For all the talk about the technology sector's vulnerability to the U.S./China trade war -- and that assessment is credible -- the group hasn't been as bad as some investors are led to believe. In August, a rough month for equities at the hands of trade tensions, the tech-heavy Nasdaq-100 Index lost 1.4% while the Technology Select Sector SPDR (NYSEARCA:XLK), the largest tech ETF, was lower by 1%.Obviously, those are not numbers to write home about, but they speak to the point that tech ETFs have not been as awful as some investors have been programmed to believe. Plus, there are positive signs emerging, such as Apple (NASDAQ:AAPL) tapping debt markets for $7 billion and analysts waxing bullish about that stock, Intel (NASDAQ:INTC) and other big-name tech fare.Of course, relying on resolution to the trade spat to fuel tech ETFs can be a volatile bet. As volatile as, say, President Donald Trump's Twitter fingers. And all of this is ignoring the headline risk of government regulation stepping into some of the biggest players.InvestorPlace - Stock Market News, Stock Advice & Trading Tips * 7 Industrial Stocks to Buy for a Strong U.S. Economy Yes, tech ETFs could use a boost via a cooler trade environment and less headline risk, but there are some solid fundamentals remaining in the sector. That makes some of the following tech ETFs worthy of consideration over the remainder of 2019. Tech ETFs to Buy: VanEck Vectors Semiconductor ETF (SMH)Expense Ratio: 0.35%Semiconductor stocks have been front and center during the trade controversy, but the reality is the VanEck Vectors Semiconductor ETF (NYSEARCA:SMH) lost just a third of a percent last month, and there are reasons to be optimistic about chip stocks. Adding to the case for this tech ETF is that semiconductor demand is usually strong in toward the end of the year, a scenario that should it repeat, would defy calls for slack demand.Another iPhone demand cycle coupled with ongoing 5G investments are among the factors that should support chip demand over the next several months. Increased data center spending, discussed here, also has the potential to support tech ETFs and chip names over the near- to medium term.Additionally, SMH is technically healthy relative to other tech ETFs. The fund resides well above its 200-day moving average and just 6.2% below its 52-week high, indicating more new highs before the end of 2019 are not an unreasonable expectation. Global X Cloud Computing ETF (CLOU)Expense Ratio: 0.68%One of this year's most successful new ETFs, the Global X Cloud Computing ETF (NASDAQ:CLOU) has over $500 million in assets under management following its April debut. This tech ETF currently resides about 8% below its highs due in large part to valuations concerns in the Software-as-a-Service (SaaS), a major area in CLOU.Broadly speaking, cloud stocks are growth fare, leaving the door open for some retrenchment when investors favor more defensive, lower-volatility strategies. Conversely, CLOU is backed by an enticing, fundamentally sound long-term proposition. * 7 Deeply Discounted Energy Stocks to Buy "The global cloud computing market is estimated to be worth well-over $300 billion by 2022, up from about $188 billion today and growing at a compound annual growth rate (CAGR) of 14.6%," according to Global X research. WisdomTree Modern Tech Platforms Fund (PLAT)Expense Ratio: 0.45%Another rookie tech ETF, the WisdomTree Modern Tech Platforms Fund (NYSEARCA:PLAT) debuted in May and takes a unique approach to tech investing, opting to focus on asset-light, transformative, platform-based business models."WisdomTree defines a modern technology platform as a company with a non-linear, multi-sided business model focused on creating value by facilitating interactions between two or more interdependent groups through technology," according to the issuer.PLAT is not a dedicated tech ETF, as it features exposure to six sectors with communication services and consumer discretionary combining for 57% of the fund's weight."The structural advantages of the platform-based businesses we seek to invest in can be reflected in financial metrics through robust revenue growth, margin expansion, substantial free cash flow generation and strong returns on capital," WisdomTree said. iShares U.S. Technology ETF (IYW)Expense Ratio: 0.42%A decent idea for the investors looking for basic tech exposure via the ETF wrapper, the iShares U.S. Technology ETF (NYSEARCA:IYW) is often known for its large combined weight to industry behemoths Microsoft (NASDAQ:MSFT) and Apple. Those stocks combine for nearly a third of this tech ETF's weight.Of course, those are quality stocks, as is much of IYW's lineup, in a sector not known for being a value play. But investors should not be put off by the valuations on some of IYW's marquee holdings. * 7 Best Tech Stocks to Buy Right Now "The sector trades at approximately 21.5 times trailing earnings and 20 times forward earnings. Current valuations compare favorably with the long-term average but look elevated relative to the post-crisis norm," according to BlackRock. "The sector trades at a 10%-15% premium to the broader market. This is above the post-crisis average of about 4%. That said, it is worth noting that relative value looks more compelling based on other metrics, notably price-to-cash-flow. On this metric the sector's current relative valuation is below the post-crisis average." Invesco DWA Technology Momentum ETF (PTF)Expense Ratio: 0.6%It might appear to be reasonable to assume that the combination of technology stocks and momentum was punitive for the Invesco DWA Technology Momentum ETF (NASDAQ:PTF) in August, but the opposite is true. This tech ETF actually outperformed more prosaic rivals, losing just a third of a percent in the eighth month of the year.PTF follows the DWA Technology Technical Leaders Index. That benchmark "designed to identify companies that are showing relative strength (momentum), and is composed of at least 30 securities from the NASDAQ US Benchmark Index. Relative strength is the measurement of a security's performance in a given universe over time as compared to the performance of all other securities in that universe," according to Invesco.PTF holds 39 stocks with an average market value of $22.7 billion, which is far smaller than what is found on more traditional tech ETFs. The Invesco fund is a growth ETF as over 93% of its holdings are designated as growth stocks and it is a software proxy as that industry represents over 59% of its weight. Global X Internet of Things ETF (SNSR)Expense Ratio: 0.68%Being a thematic fund, the Global X Internet of Things ETF (NASDAQ:SNSR) could be the type of play that investors abandon in rough markets, but that would be the wrong way of approaching this tech ETF. Yes, SNSR is more volatile (standard deviation of 18.5%) than a run-of-the-mill tech ETF like IYW or XLK, but there is also significant growth potential here.Few, if any, of the disruptive technology themes investors have been hearing so much about over the past couple of years have the reach that the Internet of Things has, meaning it touches both businesses and consumers and in significant fashion. * The 8 Worst Stocks to Buy Before the Trade Turmoil Cools Off "On the enterprise side, the IoT will help businesses collect vast amounts of data that can be used in varying capacities, from predicting consumer behavior to reducing supplier risks," according to Global X. "Forecasts expect 20.4 billion connected devices to be online by 2020 with $1.4 trillion in worldwide annual spending on IoT hardware, software and services by 2021." First Trust Nasdaq Technology Dividend ETF (TDIV)Expense Ratio: 0.5%Dividends are meaningful drivers of long-term total returns and stocks in this category, particularly dividend growers, are often less volatile than their non-dividend peers. The First Trust Nasdaq Technology Dividend ETF (NASDAQ:TDIV) proves as much as it has been significantly less volatile than the Nasdaq-100 and broader tech ETFs over the past several years.Owning this tech ETF means capturing exposure to mature tech companies, some with value profiles and some that can be laggards relative to their growth-oriented peers.The upside is the aforementioned reduced volatility, quality balance sheets, dependable dividend growth and a better yield (2.28%) and more upside potential than government bonds.As of this writing, Todd Shriber does not own any of the aforementioned securities. More From InvestorPlace * 2 Toxic Pot Stocks You Should Avoid * 3 Artificial Intelligence Stocks to Buy * 7 Industrial Stocks to Buy for a Strong U.S. Economy * 3 Beaten-Down Bank Stocks to Buy and Hold for the Long Term The post 7 Tech ETFs to Invest In Now appeared first on InvestorPlace.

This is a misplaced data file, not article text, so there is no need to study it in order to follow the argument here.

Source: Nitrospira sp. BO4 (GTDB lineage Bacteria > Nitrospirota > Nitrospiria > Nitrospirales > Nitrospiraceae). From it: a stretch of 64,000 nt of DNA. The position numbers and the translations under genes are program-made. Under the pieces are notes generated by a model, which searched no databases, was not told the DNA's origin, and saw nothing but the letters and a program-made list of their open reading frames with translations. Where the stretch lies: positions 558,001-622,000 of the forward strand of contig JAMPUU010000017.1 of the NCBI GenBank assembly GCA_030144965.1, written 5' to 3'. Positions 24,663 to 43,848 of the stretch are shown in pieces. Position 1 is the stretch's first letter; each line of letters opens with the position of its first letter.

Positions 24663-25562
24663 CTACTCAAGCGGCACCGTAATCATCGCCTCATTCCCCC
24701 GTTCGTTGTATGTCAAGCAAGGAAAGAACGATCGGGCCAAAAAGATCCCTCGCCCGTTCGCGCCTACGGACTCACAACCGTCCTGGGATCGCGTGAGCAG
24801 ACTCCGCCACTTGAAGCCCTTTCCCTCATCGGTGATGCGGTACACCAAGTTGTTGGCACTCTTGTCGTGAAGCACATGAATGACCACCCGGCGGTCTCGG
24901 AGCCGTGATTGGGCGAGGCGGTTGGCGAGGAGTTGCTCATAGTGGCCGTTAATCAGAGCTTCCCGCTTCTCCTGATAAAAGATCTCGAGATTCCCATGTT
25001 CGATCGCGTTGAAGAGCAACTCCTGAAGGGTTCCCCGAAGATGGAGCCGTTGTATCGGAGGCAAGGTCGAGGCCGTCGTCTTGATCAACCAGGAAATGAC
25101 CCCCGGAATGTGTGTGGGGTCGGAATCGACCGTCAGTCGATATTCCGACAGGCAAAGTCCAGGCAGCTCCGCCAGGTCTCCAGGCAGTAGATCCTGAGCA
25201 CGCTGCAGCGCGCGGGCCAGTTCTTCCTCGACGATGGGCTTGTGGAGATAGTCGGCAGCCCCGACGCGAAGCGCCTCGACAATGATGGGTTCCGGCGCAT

Three cloud computing exchange traded funds that is. The latest entrant to the cloud ETF fray tracks the BVP Nasdaq Emerging Cloud Index, which is equally weighted Index designed to measure the performance of emerging public companies focused on delivering cloud-based software to customers,” according to WisdomTree.